LAOAG CITY – The 7th Tan-ok ni Ilocano Festival of Festivals is scheduled for February 2, 2018, launching Ilocos Norte’s bicentennial founding anniversary celebration in what Tourism Officer Ianree “Aian” B. Raquel says will be “the most historic and most meaningful staging of the festival.”
Since 2011 and until 2016, “Tan-ok” has been held in the latter months of the year, a showdown of the different festivals native to the different towns and cities of Ilocos Norte.
Governor Imee R. Marcos had initiated it to “rediscover Ilocanos’ sense of pride, unity, and greatness.”
“More than one night of festivals and tremendous dancing, ‘Tan-ok’ is an investment for the days and years to come. We do this to revive what Ilocos Norte stands for and why we are proud to be Ilocanos.”
Performances include portrayals of communal faith and religious festivals; historical events of colonization and revolt; traditional courtship and love stories; local folklore and legends; town livelihoods and emblems; and even recent occurrences, such as the performance of the 2016 champion, Dingras.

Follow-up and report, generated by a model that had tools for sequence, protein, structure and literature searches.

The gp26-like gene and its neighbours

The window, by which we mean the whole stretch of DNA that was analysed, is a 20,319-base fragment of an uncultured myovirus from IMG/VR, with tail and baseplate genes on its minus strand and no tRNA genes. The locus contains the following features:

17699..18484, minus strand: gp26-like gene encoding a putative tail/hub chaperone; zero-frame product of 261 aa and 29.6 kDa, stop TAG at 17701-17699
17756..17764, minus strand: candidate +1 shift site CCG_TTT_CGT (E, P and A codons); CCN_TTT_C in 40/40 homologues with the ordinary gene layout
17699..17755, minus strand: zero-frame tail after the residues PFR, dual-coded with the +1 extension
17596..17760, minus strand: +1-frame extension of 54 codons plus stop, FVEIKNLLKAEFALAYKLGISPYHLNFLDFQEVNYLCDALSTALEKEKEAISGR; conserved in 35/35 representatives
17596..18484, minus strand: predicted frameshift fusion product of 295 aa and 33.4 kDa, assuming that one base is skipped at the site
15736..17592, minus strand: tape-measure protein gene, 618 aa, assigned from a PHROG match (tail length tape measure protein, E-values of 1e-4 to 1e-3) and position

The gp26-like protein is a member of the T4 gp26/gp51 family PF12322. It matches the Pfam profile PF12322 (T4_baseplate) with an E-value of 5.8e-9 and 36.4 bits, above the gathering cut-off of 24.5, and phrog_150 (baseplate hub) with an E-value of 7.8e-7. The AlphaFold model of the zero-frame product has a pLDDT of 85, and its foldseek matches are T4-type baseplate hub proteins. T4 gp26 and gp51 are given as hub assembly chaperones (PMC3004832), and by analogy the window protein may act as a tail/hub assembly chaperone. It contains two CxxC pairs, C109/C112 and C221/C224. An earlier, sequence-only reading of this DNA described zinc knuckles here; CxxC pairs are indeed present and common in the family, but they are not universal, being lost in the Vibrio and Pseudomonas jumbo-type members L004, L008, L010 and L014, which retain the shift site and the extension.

Known as the “Rice Granary of Ilocos Norte,” the town drew inspiration from super typhoon “Lawin” and the resilience it took to recover from the calamity.
Other winners of the competition have been Currimao, a coastal town; the provincial capital City of Laoag; and the City of Batac, with proceeds going to development projects, such as the construction of the Ilocos Norte Red Cross building in 2012, cultural tourism projects in 2015, and the provincial disaster relief fund in 2016.
Notably, three new museums were opened and inaugurated in 2015 and 2016: the Taoid Museum of the Ilocano Cordilleras, the Burgos Lighthouse Museum, and the Balay Dingras or the Ilocano Rice Farmer’s House. Meanwhile in 2016, supertyphoon “Lawin” had closely preceded “Tan-ok,” hence the need to replenish relief funds.
Attracting over 60,000 spectators annually, both on-ground and online, “Tan-ok” had become the highlight of the last quarter of each year until 2017, when it was announced that the event had been postponed to February in light of the province’s bicentennial celebration.
“Tan-ok” has a lot of “payback,” said Governor Marcos, “It has brought us a lot of tourists and attention and a lot of free advertising,” adding that besides serving as a tourism event and attraction, it also stimulates economic activity as local designers, choreographers, editors, makeup artists, and even construction workers are tapped and earn additional income from the event.